Vaccine 2017 08 0735(38) 5172-5178 pii 10.1016/j.vaccine.2017.07.101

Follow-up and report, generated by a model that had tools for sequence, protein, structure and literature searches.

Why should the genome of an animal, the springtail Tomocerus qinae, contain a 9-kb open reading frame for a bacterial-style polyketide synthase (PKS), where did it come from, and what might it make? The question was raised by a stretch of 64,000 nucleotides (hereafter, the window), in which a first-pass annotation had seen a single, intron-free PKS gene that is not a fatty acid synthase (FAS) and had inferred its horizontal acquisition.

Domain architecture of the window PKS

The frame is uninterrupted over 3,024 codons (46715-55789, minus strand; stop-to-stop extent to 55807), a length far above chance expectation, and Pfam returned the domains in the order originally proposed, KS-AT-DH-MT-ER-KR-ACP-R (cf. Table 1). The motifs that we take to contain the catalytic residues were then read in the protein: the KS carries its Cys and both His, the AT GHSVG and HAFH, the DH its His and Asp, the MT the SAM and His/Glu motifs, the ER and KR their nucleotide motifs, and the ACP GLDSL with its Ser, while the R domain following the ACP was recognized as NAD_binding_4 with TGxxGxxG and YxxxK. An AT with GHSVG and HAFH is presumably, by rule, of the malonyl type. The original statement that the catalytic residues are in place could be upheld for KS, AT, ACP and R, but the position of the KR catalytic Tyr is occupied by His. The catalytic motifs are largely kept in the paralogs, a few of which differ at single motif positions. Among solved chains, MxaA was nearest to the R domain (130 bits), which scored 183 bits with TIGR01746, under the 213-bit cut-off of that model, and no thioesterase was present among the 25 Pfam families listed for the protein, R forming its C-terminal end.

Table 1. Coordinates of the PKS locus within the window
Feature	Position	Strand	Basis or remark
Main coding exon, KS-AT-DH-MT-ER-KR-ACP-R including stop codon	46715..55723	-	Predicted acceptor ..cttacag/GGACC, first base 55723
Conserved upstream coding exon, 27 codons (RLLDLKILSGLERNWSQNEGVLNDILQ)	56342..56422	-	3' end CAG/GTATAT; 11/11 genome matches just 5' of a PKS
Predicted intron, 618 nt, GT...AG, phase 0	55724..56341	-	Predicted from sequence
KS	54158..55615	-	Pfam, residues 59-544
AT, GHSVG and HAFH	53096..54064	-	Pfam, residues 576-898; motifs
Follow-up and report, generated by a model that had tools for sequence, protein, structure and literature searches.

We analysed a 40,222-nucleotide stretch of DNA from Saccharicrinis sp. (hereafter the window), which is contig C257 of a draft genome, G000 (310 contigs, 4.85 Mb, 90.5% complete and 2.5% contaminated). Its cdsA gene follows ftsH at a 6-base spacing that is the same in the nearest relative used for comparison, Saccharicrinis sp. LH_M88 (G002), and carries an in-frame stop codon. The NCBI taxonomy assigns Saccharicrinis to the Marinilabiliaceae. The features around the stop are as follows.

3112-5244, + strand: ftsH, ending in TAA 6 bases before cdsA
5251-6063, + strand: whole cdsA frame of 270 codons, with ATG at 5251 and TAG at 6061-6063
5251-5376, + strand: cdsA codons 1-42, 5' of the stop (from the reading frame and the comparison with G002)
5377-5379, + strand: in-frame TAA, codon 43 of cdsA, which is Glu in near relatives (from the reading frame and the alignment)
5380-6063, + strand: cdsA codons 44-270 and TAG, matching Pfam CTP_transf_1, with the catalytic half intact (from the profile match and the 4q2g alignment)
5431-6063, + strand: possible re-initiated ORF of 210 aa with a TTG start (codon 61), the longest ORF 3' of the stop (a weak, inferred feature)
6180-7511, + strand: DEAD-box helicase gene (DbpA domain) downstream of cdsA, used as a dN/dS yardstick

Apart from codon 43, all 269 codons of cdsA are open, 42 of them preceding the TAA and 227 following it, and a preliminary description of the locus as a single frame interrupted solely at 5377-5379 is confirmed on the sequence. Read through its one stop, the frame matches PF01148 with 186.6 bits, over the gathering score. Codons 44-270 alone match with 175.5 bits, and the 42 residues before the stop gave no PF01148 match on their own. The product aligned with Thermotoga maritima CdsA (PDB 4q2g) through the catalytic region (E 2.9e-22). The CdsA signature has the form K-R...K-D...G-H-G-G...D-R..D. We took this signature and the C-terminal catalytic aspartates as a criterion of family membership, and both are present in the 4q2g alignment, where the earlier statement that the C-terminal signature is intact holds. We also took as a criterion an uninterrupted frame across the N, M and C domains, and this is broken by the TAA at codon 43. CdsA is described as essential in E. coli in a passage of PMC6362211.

Lassa virus (LASV) causes a severe hemorrhagic fever endemic throughout western Africa. Because of the ability to cause lethal disease in humans, limited treatment options, and potential as a bioweapon, the need for vaccines to prevent LASV epidemic is urgent. However, LASV vaccine development has been hindered by the lack of appropriate small animal models for efficacy evaluation independent of biosafety level four (BSL-4) facilities. Here we generated an LASV-glycoprotein precursor (GPC)-pseudotyped Human immunodeficiency virus containing firefly luciferase (Fluc) reporter gene as surrogate to develop a bioluminescent-imaging-based BALB/c mouse model for one-round infection under non-BSL-4 conditions, in which the bioluminescent intensity of Fluc was utilized as endpoint when evaluating vaccine efficacy. Electron microscopy analysis demonstrated that LASV GPC pseudotyped virus appeared structurally similar to native virion. Meanwhile, we constructed DNA vaccine (pSV1.0-LASVGPC) and pseudoparticle-based vaccine (LASVpp) that displayed conformational GPC protein of LASV strain Josiah to vaccinate BALB/c mice using intramuscular electroporation and by intraperitoneal routes, respectively. Vaccinated mice in LASVpp alone and DNA prime+LASVpp boost schedules were protected against 100 AID50 of LASV pseudovirus challenge, and it was found that in vivo efficiencies correlated with their anti-LASV neutralizing activities and MCP-1 cytokine levels in serum sampled before infection. The bioluminescence pseudovirus infection model can be useful tool for the preliminary evaluation of immunogenicity and efficacy of vaccine candidates against LASV outside of BSL-4 containments, and the results with pseudoparticle-based vaccine provided very helpful information for LASV vaccine design.